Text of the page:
Horsforth eateries are as varied and many as their public houses with choice ranging from the infamous Fat Franco's for a good Italian to Bengal Spice for those who prefer Indian food and anywhere in between. There are also bistros like the Outside In, unpretentious but reliable.
Travel back 150 years and Horsforth rated as England's largest village, very much independent from its bigger neighbours. By 1974, however, it couldn't keep pace with the irrepressible rise and expansion of Leeds, and it lost its village status to officially become part of the city (Leeds LS18).
Horsforth Village Museum - Horsforth was once described as the largest village in England and has somehow managed to retain some of its village like identity, character and sense of community. The Museum aims to reflect this heritage in its interesting exhibits which are drawn from all aspects of life in and around Horsforth and have a great nostalgia and educational value. The Museum, which opened to the public in July 1998, is situated at The Green in the heart of the old village.
There's pretty much every type and period of home within Leeds LS18. Much of Horsforth's housing dates from its 19th century heyday, though it has expanded steadily since to deliver a good blend of types and periods.
What's more, Horsforth's spot on a hill means many of its properties enjoy broad airy views of the surrounding green spaces.
As a rule of thumb, prices rise as you move north and the Cragg Hill district south of the Leeds Ring Road is a little pocket of affordability, as is the Troy district just south of Horsforth station.
Like many of its north Leeds neighbours, Horsforth is a popular settling place for families, and semi-detached two- and three-bedders make up almost half of what's available.
Flats are in short supply but first-time buyers may find that some of the terraced housing is cheap enough to fit their budgets. Renting is possible at all price brackets, though good quality property for long-term letting is scarce.
Trinity and All Saints College attracts 2500 students and some live locally, although there's no large-scale student 'quarter'. That may change soon, however, as the college's plans to double progress.
Property prices are sky high, expect to pay £125k or more for a One-bed Victorian back-to-back , better value are the ex-local authority three-bed semis at around £150k. If your budget stretches to £190,000, a 1960s mid-terrace town house with three bedrooms could be yours, or if you can spend £240,000, you could snap up a 1950s three-bed semi with drive and garage, situated in a cul-de-sac.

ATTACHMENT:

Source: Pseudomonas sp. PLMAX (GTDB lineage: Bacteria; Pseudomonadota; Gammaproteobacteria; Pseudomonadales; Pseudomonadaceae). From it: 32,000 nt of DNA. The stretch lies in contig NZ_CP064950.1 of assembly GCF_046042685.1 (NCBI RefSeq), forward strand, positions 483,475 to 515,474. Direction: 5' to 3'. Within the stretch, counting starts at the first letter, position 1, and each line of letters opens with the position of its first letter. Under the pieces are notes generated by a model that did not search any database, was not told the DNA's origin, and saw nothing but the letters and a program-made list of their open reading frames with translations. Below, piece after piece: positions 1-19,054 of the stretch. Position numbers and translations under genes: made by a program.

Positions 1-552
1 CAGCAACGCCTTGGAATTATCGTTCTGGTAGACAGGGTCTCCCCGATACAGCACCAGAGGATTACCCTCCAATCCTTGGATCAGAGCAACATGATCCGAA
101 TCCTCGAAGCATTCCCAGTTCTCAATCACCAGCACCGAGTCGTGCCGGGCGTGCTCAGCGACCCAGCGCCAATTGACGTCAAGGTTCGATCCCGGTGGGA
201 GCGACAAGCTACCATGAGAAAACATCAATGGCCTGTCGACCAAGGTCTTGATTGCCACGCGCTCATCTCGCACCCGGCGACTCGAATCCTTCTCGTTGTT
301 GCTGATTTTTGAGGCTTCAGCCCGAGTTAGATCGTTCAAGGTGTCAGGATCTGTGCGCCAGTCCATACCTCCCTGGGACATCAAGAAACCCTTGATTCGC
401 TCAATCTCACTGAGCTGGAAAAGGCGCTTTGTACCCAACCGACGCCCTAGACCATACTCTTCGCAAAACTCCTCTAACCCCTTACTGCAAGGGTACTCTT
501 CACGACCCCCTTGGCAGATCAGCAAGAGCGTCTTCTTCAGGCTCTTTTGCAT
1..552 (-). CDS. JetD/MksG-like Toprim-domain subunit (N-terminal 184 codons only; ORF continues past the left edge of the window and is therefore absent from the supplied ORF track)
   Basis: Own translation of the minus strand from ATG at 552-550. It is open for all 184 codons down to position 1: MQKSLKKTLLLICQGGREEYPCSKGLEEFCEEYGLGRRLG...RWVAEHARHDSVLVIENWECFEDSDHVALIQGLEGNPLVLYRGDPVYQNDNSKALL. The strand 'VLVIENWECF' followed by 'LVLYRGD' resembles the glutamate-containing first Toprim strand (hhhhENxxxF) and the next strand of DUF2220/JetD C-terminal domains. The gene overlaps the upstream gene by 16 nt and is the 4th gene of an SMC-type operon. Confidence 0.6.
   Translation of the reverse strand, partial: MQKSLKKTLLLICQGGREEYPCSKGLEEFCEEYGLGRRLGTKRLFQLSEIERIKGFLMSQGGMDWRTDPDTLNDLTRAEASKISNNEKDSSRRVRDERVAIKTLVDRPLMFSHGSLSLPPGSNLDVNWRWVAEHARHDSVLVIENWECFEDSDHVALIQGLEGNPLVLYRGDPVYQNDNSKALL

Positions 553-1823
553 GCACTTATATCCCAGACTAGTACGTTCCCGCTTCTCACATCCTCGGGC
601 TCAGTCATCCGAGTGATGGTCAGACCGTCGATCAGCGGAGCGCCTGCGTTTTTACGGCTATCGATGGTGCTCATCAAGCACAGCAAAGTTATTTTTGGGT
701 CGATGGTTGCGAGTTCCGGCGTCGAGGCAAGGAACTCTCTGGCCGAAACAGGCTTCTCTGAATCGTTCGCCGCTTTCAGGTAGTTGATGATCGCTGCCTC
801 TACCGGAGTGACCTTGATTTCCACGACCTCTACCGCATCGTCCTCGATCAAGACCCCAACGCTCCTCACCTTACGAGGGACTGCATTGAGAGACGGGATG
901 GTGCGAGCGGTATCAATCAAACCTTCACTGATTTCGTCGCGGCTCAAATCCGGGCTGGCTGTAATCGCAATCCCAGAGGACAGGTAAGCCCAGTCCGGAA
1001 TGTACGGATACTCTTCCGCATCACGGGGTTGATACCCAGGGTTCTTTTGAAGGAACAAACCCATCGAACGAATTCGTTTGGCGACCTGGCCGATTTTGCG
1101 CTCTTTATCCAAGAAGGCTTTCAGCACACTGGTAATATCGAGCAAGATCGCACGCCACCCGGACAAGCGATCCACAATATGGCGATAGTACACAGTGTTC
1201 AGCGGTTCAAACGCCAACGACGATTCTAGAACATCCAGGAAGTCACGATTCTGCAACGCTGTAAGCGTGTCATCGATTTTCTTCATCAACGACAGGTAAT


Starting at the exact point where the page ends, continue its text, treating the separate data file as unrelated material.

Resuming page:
Further up the ladder, £469,000 buys a roomy four-bed 1930s house with sizeable garden set back from the main Rawdon Road. A whisker off £600,000 would be enough for an amazing nine-bedded Victorian villa in a quiet spot just off Town Street. Or jump another £150,000 and you're looking at a modern detached five-bed house set in large gardens off West End Lane, one of the area's most desirable addresses.
That's close to top money for the neighbourhood, although there are some even grander homes that will sell for over £1m, should they reach market anytime soon.
Horsforth is located on main First Leeds bus routes and is home to Horsforth train station so there is easy access to surrounding areas and Leeds city centre. For car drivers there is easy access to the M1, M621 and M62.
Road: Good road access courtesy of the proximity of the Leeds Ring Road (A6120).
Bus: There's a bus from Horsforth into Leeds City Centre every few minutes at peak times and the journey takes 40 minutes.
Buses stopping here are service numbers 9, 31, 32, 33, 50, 81, 82, 97,731 and 757.
Rail: Horsforth rail station is located at Cookridge's southern tip and offers regular services to Leeds, York, Knaresborough and Harrogate. Journey time to Leeds City Centre is around 15 minutes.
Air: Leeds-Bradford airport is just five miles from Horsforth.
This busy airport has many scheduled and charter flights to domestic and overseas destinations, and budget operator jet2.com is good for discounted fares.